In Justice Stephen Breyer’s book Active Liberty, he argues that the Constitution created a federal government embodying the principles of democracy and, as such, judges should defer to Congress as well as state governments as the representative bodies of the people unless they intrude on narrow fundamental rights. Though acknowledging negative rights, he defends fundamental rights like free speech primarily as social rights that enhance the democratic process, and he claims that these rights should not be as strongly protected when not related to the democratic process.
What basis does he give for this interpretation? He essentially provides three reasons: (1) there is a history of voting and active participation in local government in the United State prior to the Constitution, (2) the Constitution starts with the phrase “we the people” which he understands to refer to the present public rather than the people of 1787, and (3) people vote for officials to represent them under the Constitution. Since “we the people” vote for members of the federal government and since people actively participated in state/and local governments prior to the Constitution, the Constitution allegedly grants nearly unlimited power to the federal government.
Though he alludes in a single parenthesis in the book to the Commerce Clause, he neglects to mention that Article I Section 8 of the Constitution specifically enumerates powers to Congress, that the Tenth Amendment restricts the federal government to those enumerated powers, and that the Ninth Amendment rebuts any interpretative method that construes the Constitution to deny or disparage rights retained by the people. After all, why—since voting happens—should he? Given his reasoning, if part of the Constitution said “the sole power of the federal government shall be national defense,” then his arguments would override that because, after all, voting happens—meaning under Breyer’s reasoning that such a clause should not be interpreted to restrict the government. In fact, he does ignore such a clause since the Tenth Amendment restricts the government to national defense and a handful of other powers.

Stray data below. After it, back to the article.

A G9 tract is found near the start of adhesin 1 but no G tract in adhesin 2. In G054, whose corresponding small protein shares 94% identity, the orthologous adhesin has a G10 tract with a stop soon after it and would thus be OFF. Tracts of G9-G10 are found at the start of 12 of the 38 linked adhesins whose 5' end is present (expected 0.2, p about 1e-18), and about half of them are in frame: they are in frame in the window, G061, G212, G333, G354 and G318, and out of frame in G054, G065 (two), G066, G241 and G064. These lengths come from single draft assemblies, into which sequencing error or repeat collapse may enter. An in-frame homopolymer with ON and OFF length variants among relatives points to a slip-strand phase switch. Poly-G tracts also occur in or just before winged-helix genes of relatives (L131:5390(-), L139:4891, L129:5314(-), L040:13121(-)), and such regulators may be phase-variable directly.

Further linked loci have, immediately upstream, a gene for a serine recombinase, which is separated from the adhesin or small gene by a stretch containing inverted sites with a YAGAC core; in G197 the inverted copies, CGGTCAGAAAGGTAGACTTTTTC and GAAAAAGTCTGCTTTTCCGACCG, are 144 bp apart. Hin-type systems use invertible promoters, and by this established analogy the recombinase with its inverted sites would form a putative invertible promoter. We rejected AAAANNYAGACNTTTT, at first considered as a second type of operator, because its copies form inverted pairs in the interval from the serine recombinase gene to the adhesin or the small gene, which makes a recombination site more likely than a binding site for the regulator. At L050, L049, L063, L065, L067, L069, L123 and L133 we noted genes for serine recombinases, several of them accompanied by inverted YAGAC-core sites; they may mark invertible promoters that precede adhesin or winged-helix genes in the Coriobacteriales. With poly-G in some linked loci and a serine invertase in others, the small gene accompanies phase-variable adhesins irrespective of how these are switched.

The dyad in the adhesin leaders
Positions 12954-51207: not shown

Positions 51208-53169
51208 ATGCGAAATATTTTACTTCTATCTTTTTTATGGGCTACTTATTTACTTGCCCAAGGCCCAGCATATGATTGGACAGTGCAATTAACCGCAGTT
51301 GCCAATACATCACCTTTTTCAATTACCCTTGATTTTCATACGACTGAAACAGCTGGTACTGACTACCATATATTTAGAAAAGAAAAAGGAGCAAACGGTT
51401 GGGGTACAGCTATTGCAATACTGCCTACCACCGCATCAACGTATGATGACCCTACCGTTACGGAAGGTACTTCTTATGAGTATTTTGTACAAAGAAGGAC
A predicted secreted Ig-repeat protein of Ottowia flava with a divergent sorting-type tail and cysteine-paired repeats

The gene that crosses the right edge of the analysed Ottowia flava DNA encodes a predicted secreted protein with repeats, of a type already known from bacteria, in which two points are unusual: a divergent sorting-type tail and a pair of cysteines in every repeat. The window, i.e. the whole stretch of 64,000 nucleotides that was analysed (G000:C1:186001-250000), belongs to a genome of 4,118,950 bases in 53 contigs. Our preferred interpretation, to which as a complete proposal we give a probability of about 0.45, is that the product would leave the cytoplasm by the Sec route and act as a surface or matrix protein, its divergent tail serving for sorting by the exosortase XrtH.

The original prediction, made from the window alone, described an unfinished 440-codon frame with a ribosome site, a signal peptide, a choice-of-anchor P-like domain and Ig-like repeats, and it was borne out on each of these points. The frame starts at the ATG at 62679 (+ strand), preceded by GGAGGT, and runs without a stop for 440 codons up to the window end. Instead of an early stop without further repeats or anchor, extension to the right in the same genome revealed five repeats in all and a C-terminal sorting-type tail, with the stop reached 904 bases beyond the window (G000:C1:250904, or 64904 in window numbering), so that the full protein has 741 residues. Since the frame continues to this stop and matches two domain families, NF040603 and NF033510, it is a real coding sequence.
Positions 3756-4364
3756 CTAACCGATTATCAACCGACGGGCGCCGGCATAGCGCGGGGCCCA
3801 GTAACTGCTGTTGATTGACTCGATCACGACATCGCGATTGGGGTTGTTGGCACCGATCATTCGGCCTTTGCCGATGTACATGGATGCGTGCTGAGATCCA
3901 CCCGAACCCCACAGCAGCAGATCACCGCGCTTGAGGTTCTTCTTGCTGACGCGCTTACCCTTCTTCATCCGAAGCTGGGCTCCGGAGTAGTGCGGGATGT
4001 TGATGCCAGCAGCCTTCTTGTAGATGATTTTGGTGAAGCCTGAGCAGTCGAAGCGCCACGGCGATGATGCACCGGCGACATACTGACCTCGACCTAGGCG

To more specifically respond to his justifications, all three of them provide evidence that the Constitution designed a government intended to reflect generally the will of the people, but they do not show what powers the Constitution granted the democratically run federal government. His first reason provides little more than context since the history predating the Constitution in no way describes the actual powers enumerated to the federal government. Regarding his second reason, “we the people” in context does not even support his position that the preamble emphasizes the democratic nature of the Constitution by referring always to the present generation rather than the founding generation. Though he claims that the phrase refers to the present public rather than “we the people of 1787,” his interpretation ignores that the preamble continues beyond the first three words to say, “and secure the blessings of liberty to ourselves and our posterity” (emphasis added). As it references future generations, the Preamble shows that the Constitution created a government of fixed binding rules for the people and their posterity. Thirdly, the fact that various parts of the Constitution describe direct and indirect electoral processes does make government officials ultimately accountable to the people, but it does not describe what the government may do under the Constitution. The powers enumerated to Congress, and not the electoral process, determines the scope of the federal government’s powers.